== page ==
National Briefs: Mine blast spurs changes

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WASHINGTON -- Nearly four years after a deadly coal mine explosion in West Virginia, there are penalties for warning mine companies of imminent visits inspections, requirements for submitting mine ventilation maps, clearer definitions of flagrant violations and improved oversight of rock-dust sampling.

Those are just a handful of regulatory changes that resulted from recommendations in an internal review of the disaster at Upper Big Branch in West Virginia.

Two years after the study began, all 100 report recommendations have been implemented, the U.S. Department of Labor's Mine Safety and Health Administration announced Monday.

The changes include enhanced enforcement, splitting the West Virginia coal district in two for better oversight, upgrading a lab that analyzes coal dust and gas, and creating a centralized system to ensure consistency.

Twenty-nine miners were killed in the Upper Big Branch explosion on April 5, 2010, making it one of the worst mining disasters in the country.

Pilots grounded after error

DALLAS -- The pilots of a Southwest Airlines flight that mistakenly landed at the wrong Missouri airport were grounded Monday, less than a day after they touched down at a small airfield that gave them only half as much room as normal to stop the jet.

No one was hurt, but after the 124 passengers were let off the plane, they noticed the airliner had come dangerously close to the end of the runway, where it could have tumbled down a steep embankment if it had left the pavement.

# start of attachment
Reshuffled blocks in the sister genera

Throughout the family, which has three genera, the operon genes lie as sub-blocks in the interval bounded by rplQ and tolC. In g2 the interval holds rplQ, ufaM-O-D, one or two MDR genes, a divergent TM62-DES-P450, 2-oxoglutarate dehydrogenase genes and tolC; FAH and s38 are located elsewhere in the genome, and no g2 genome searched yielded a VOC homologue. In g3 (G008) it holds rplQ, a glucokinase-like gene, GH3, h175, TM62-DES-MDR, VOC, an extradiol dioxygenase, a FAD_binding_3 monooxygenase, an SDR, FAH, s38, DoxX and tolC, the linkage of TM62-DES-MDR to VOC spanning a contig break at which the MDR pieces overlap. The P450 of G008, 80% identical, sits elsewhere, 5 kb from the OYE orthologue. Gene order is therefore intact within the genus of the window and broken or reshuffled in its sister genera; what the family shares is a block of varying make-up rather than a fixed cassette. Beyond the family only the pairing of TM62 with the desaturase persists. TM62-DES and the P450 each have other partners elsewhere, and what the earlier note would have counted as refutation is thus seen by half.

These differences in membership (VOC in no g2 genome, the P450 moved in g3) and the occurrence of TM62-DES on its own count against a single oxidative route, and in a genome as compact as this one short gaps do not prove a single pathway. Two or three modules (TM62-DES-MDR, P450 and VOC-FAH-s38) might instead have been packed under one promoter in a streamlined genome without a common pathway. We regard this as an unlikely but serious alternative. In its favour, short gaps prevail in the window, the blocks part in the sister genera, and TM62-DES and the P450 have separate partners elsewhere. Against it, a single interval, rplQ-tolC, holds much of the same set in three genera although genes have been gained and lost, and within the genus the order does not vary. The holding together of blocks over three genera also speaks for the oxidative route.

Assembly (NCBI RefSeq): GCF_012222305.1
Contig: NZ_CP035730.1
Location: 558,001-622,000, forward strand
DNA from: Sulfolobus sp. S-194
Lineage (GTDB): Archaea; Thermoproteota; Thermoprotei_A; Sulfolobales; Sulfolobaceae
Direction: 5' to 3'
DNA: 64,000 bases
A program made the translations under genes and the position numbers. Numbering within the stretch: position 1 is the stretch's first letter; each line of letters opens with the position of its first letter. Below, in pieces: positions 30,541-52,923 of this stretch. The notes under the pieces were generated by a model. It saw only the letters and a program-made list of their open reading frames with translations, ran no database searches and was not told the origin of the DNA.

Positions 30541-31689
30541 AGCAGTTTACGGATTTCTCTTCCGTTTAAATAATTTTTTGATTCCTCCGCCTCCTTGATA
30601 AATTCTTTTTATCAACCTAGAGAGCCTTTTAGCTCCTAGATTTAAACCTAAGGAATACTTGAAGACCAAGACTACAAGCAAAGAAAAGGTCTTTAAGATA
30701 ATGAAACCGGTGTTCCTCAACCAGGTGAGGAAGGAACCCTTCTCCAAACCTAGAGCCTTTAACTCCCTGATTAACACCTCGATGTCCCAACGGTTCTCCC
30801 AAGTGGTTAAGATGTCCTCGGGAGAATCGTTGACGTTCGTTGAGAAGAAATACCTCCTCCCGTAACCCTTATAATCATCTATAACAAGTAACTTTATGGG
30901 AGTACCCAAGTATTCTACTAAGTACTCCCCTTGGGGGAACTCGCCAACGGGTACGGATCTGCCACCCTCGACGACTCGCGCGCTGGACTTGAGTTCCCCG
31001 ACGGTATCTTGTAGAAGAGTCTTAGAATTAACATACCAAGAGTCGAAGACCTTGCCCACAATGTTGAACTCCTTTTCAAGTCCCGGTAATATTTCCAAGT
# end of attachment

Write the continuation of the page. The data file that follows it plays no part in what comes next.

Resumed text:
ACA sign-up demographics

WASHINGTON -- People signing up for health insurance through the Affordable Care Act's federal and state marketplaces tend to be older and potentially less healthy, officials said Monday, a demographic mix that could cause premiums to rise if the pattern persists.

The age breakdown was the most highly anticipated data being released because of what it could say about the health of those who will be insured. Under the law, insurers can no longer deny coverage or charge higher premiums because of a person's medical history or pre-existing conditions. As a result, White House and health policy experts have repeatedly said insurers need to sign up large numbers of younger people to balance the financial risks of covering older Americans who require more medical care.

House Democrat to retire

WASHINGTON -- Rep. George Miller, D-Calif., announced Monday that he will retire at the end of his term, after 40 years in Congress.

Mr. Miller, who was first elected in 1974, is a trusted confidant of House Minority Leader Nancy Pelosi of California, and he is a dedicated supporter of liberal and labor causes. But he has also earned a reputation for his willingness to work with his Republican colleagues.

$330M pledged for Detroit

NEW YORK -- National and local philanthropic foundations have committed $330 million toward a deal that would help preserve the Detroit Institute of Arts' renowned collection by bolstering the city's employee pension funds, federal mediators involved in the city's bankruptcy proceedings announced Monday.

As part of the plan, which negotiators have been working on quietly for months, the museum might be removed from city ownership and put under the control of the state. But mediators stopped short of saying that an agreement had been reached.

-- Compiled from news services


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